I also found the MDT to have a very sensitive receiver that did a magnificent job at pulling out those weak signals from all over the world. The audio output jack can easily power a small self-powered external speaker if you prefer not to use headphones. On the transmit side of things, this rig is capable of putting out 1.5 – 2 watts when using a 13.8 volt power source. During my tests, I ran the MDT from a 13.6 volt power supply, which registered on my SWR/Power meter as just a little below the full 2 watts max stated by the manufacturer. When tested with my portable 12 volt SLA and lithium ion battery packs, I was able to achieve nearly 1.5 watts of output power.
Now, many of you may be thinking that 1.5 – 2 watts isn’t enough power to accomplish anything. Well, I am glad to report that nothing could be further from the truth. Shortly after hooking up the MDT for the first time (and without much effort at all), I easily made multiple contacts up and down the US west coast. I even checked into a few west coast nets as well. So far, the antennas I have used with the MDT are as follows: Carolina Windom 40, Alpha EzMilitary Vertical, and even a short MFJ-1840T telescopic antenna. Each time I used the MDT, I found myself pleasantly surprised by its performance.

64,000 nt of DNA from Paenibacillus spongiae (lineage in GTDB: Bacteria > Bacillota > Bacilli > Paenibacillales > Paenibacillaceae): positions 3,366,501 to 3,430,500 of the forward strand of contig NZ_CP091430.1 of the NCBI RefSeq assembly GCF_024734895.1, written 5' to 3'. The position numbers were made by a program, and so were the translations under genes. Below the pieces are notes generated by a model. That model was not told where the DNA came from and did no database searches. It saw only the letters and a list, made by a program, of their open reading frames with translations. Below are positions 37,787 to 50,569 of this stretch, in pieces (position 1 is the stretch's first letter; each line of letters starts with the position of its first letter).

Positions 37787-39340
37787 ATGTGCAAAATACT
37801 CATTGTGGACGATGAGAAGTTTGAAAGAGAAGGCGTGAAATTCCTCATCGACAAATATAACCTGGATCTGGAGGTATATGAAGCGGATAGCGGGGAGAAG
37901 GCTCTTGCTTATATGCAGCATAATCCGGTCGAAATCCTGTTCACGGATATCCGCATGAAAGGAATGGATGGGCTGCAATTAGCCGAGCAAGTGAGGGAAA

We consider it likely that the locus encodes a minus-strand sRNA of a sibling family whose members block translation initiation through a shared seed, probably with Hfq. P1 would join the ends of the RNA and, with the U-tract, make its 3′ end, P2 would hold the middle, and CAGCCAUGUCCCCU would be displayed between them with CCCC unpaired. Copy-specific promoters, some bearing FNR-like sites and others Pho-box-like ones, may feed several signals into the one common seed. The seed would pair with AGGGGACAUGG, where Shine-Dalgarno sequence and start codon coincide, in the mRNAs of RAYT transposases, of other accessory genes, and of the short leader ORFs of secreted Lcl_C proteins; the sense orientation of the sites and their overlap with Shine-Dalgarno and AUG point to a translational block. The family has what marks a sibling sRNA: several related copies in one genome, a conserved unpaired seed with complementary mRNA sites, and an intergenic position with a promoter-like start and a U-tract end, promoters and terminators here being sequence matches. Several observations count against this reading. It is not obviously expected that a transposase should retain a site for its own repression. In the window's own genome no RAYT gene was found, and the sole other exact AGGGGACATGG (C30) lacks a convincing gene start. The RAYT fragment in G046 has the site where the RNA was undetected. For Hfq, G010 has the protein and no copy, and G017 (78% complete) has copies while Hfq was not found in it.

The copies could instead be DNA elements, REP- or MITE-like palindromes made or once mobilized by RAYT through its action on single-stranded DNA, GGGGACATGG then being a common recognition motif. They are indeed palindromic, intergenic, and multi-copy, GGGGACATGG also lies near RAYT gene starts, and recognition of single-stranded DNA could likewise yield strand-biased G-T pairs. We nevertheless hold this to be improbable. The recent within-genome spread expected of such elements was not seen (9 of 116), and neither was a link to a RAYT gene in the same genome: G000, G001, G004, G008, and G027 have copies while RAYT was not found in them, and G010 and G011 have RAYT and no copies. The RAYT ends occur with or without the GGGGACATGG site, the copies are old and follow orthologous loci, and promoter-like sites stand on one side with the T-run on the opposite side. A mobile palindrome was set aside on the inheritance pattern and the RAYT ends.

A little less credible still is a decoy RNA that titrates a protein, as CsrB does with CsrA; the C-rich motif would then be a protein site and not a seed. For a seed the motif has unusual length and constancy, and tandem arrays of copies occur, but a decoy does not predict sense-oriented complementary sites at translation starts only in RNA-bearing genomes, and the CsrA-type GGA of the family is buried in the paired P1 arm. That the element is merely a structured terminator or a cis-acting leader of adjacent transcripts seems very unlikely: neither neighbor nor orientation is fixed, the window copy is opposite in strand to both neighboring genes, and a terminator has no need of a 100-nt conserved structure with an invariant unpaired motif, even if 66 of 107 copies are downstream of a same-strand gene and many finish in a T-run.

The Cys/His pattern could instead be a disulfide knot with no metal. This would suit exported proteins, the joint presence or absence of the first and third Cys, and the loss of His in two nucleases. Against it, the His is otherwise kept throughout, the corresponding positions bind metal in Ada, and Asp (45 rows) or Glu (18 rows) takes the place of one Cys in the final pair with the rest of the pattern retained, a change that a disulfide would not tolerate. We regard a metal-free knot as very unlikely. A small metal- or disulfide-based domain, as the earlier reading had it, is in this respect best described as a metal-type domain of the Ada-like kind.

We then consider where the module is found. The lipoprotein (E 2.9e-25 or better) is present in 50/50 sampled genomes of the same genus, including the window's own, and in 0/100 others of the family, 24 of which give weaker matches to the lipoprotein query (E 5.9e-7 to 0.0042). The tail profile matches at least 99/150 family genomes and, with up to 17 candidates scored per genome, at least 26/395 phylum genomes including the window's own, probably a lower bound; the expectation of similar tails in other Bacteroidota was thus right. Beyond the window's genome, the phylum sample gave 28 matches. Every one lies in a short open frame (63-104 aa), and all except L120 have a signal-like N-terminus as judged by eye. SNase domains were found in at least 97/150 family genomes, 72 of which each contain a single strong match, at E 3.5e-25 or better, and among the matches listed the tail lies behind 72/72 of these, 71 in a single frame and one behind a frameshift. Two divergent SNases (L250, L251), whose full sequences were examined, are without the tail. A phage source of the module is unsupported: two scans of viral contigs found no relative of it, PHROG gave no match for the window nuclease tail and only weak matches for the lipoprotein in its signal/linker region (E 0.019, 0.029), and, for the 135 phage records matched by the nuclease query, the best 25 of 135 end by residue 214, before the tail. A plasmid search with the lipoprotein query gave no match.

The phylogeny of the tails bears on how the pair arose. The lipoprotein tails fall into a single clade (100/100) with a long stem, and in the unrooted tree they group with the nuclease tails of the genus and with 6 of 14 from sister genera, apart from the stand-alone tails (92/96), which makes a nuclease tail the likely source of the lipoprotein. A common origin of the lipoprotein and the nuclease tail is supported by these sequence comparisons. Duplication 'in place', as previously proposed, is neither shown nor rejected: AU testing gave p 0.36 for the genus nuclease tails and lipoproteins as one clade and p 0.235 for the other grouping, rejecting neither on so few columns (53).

At first, I found it a little difficult to dial in signals without the use of a fine tune knob. Luckily, within the first hour or so of use, I started getting accustomed to the single tuning knob, and it became almost second nature to me later that evening. I also highly recommend taking the time to properly place numbered marks evenly spaced around the dial from which you can then use to create a frequency chart that you can tape to the top of the MDT’s case. That way, you can have a good idea of where you are on the band.